The proteasome inhibitor bortezomib (Velcade, PS-341) is prescribed for the treatment of multiple myeloma and mantle cell lymphoma. The second proteasome inhibitor, carfilzomib (Kyprolis, PR-171) 
, was recently approved by the FDA for the treatment of relapsing and refractory myeloma. At least four novel proteasome inhibitors — marizomib (salinosporamide A, NPI-0052) 
, CEP-18770 
, MLN-9708 
, and PR-047 
—are at different stages of clinical development.
Bortezomib is highly cytotoxic to all multiple myeloma cell lines in vitro 
, but in vivo only ~40% of myeloma patients respond to this drug given as a single agent 
. One reason for this discrepancy may be that in vitro concentrations of bortezomib and length of exposure to this agent exceed those that can be achieved in vivo at the maximal tolerated dose (MTD). Most studies of bortezomib in cell culture have utilized continuous incubation for 24–48 h. In the clinical setting, patients receive intravenous or subcutaneous bolus injections twice weekly. When bortezomib is injected intravenously at the MTD, the blood plasma concentration peaks at 100–200 ng/mL (260–520 nM) 5 minutes after IV injection followed by rapid decrease 
. Subcutaneous injection results in ~10-fold lower maximal concentration, which is achieved 30 minutes after injection. The maximal concentration of the drug is maintained for 1–2 h so that total exposure to the drug (area under the Drug concentration-Time curve) is the same as after iv administration. Efficacy of the agent does not depend on the administration route 
The primary target of botezomib is the chymotrypsin-like activity of the proteasome. At the MTD, the mean maximal inhibition of proteasome in patient's peripheral blood cells is 73% after the first dose and up to 83% after subsequent doses 
. This inhibition is achieved within 5–30 min of administration. The inhibition stays at this level for ~1 h and then slowly decreases to 0–25% 48–72 hours later 
. When bortezomib is administered subcutaneously maximal proteasome inhibition in blood is 5% lower than after IV dose and is achieved 2 h after administration. However, the rate of recovery is slightly slower and the area under the effect-time curve is the same as after intravenous administration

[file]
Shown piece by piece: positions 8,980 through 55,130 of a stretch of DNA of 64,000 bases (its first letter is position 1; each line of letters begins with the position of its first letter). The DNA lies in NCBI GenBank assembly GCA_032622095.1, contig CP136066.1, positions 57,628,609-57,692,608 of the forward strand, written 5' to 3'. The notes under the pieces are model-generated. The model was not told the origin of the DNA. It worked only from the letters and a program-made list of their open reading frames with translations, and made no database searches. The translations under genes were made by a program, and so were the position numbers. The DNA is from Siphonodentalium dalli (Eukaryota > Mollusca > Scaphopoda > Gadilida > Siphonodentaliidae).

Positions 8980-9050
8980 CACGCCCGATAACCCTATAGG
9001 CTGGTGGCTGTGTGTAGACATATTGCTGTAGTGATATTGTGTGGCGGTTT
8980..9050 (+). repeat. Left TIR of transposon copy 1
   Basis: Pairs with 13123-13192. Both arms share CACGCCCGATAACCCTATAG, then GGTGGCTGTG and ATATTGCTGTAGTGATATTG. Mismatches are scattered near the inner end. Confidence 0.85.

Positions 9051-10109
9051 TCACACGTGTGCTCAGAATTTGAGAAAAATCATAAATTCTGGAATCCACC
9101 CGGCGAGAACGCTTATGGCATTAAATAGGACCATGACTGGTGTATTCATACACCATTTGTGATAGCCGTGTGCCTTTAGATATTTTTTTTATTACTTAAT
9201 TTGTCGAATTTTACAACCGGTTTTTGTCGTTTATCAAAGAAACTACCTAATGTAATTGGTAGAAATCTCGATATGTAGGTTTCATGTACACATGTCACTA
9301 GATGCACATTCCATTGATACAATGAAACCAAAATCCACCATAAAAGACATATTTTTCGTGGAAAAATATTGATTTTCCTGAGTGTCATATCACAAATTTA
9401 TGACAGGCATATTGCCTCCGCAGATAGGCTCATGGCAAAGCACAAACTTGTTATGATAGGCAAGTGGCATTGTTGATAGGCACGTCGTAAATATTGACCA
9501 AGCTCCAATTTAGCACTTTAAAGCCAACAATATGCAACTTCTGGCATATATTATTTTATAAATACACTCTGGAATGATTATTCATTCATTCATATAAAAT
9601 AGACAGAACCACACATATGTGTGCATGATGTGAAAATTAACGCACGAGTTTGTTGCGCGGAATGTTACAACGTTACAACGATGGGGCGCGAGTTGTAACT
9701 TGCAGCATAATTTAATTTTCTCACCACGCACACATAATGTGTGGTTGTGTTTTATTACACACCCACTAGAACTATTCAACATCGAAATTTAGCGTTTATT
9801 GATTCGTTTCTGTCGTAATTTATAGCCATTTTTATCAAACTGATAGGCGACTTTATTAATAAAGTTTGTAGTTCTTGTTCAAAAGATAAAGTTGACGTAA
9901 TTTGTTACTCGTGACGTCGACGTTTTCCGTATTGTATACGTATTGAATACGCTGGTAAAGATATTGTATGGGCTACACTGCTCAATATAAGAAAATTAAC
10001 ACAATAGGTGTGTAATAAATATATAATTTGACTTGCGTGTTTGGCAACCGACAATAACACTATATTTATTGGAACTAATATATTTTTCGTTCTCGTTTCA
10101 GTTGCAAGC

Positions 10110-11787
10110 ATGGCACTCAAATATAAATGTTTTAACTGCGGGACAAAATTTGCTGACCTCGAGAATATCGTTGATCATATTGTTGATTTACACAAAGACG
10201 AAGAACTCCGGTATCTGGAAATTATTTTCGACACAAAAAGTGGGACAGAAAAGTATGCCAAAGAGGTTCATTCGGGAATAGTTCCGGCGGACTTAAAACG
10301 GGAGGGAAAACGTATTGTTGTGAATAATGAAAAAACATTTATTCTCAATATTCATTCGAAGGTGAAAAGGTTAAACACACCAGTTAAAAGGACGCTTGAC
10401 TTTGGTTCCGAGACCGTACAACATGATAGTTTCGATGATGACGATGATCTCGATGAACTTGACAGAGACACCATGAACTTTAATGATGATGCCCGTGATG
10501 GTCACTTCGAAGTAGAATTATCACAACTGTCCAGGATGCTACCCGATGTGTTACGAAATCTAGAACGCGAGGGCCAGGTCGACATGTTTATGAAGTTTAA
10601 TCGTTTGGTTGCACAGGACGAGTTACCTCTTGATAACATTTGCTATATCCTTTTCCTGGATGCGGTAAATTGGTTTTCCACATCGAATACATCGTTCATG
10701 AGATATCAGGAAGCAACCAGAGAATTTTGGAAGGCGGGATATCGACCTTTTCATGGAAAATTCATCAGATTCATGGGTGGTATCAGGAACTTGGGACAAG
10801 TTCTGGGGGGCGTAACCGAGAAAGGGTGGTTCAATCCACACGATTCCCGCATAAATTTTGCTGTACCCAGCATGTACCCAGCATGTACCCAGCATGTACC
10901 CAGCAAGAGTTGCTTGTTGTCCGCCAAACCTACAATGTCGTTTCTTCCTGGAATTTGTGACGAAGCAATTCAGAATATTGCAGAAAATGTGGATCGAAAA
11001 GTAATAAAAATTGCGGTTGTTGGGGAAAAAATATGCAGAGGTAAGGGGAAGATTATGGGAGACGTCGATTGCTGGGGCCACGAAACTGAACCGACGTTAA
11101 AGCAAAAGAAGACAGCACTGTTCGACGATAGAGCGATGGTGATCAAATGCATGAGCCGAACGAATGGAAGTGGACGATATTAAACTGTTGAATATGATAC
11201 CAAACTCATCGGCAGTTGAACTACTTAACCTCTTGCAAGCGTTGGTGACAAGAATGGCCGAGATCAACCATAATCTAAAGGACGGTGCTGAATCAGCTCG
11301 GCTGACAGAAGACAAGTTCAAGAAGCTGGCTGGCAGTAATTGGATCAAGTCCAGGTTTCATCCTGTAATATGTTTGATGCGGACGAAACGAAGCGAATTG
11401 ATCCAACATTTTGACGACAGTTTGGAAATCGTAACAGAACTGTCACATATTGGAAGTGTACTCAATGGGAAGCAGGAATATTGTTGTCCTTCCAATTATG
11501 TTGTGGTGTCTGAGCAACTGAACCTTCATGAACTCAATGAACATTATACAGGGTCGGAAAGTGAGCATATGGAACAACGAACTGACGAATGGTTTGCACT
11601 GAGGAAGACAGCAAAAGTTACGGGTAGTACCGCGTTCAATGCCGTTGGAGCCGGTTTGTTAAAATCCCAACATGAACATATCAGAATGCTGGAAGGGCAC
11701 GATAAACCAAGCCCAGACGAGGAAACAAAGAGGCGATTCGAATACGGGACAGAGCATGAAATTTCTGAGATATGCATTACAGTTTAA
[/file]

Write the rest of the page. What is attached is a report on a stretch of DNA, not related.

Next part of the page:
Proteasome inhibition inside MM tumors in patients has not been studied. In a few clinical cases analyzed, inhibition of proteasome in solid tumor biopsies was found to be the same as in blood 
; however, inhibition in bone marrow was found to be half of the inhibition in blood of the same patient 
. Proteasome inhibition in xenograft tumors in mice was ~1/2 of the inhibition in blood 
. Hence we should assume that inhibition of the proteasome inside myeloma tumors does not exceed and most likely is even lower than in blood.
The proteasome core has three pairs of active sites for proteolysis – chymotrypsin-like (ß5), trypsin-like (ß2), and caspase-like (ß1). Cells and tissues of the immune system, including multiple myeloma cells, also contain immunoproteasomes, which express different active-site subunits, i.e., ß5i, ß2i, and ß1i. Chymotrypsin-like sites (ß5, ß5i) are the primary targets of bortezomib, but ß1, ß1i, and ß2i are also inhibited, albeit with lesser potency, and ß2 is activated 
. Inhibition of the proteasome in blood of patients is evaluated based on cumulative inhibition of ß5 and ß5i (chymotrypsin-like) sites.
Although the chymotrypsin-like sites are the most important in protein degradation, our earlier work has indicated that specific inhibition of these sites is not sufficient to block protein breakdown, and co-inhibition of either caspase-like or trypsin-like sites is required 
. This raises the question of how much protein degradation is blocked at clinically achievable levels of proteasome inhibition, when chymotrypsin-likes sites are inhibited by not more than 85%. Inhibition of caspase-like sites and trypsin-like sites has not been reported in clinical samples; but, based on data in multiple myeloma cell lines, we predict that, at the MTD of bortezomib, caspase-like activity is partially inhibited and trypsin-like sites may even be activated. Effects of bortezomib on protein degradation in multiple myeloma cells have not been reported in the literature.
It has been suggested that myeloma cells are particularly sensitive to proteasome inhibitors due to their high ratio of proteasome workload to proteasome expression levels (the “load/capacity” hypothesis) 
. Myeloma cells produce large amounts of immunoglobulins, complex four-chain molecules with several inter- and intra-chain disulfide bridges. Polypeptide chains that fail to fold or assemble have to be degraded via the endoplasmic reticulum (ER)-degradation pathway, imposing a heavy load on the proteasomes of these cells. Consistent with this hypothesis, increased production of immunoglobulins sensitizes myeloma cells to proteasome inhibitors 
In this study, we have compared the effects of continuous bortezomib treatment with a 1-h pulse on a panel of multiple myeloma cell lines. We observed that this shorter incubation increased the differences in sensitivity between cell lines. The most sensitive cell lines underwent apoptosis at clinically achievable bortezomib concentrations and at faster rates than the least sensitive ones; the least sensitive lines remained 100% viable under these conditions. We then found that similar inhibition of active sites by bortezomib causes stronger inhibition of protein breakdown in sensitive cell lines, potentially explaining their enhanced sensitivity.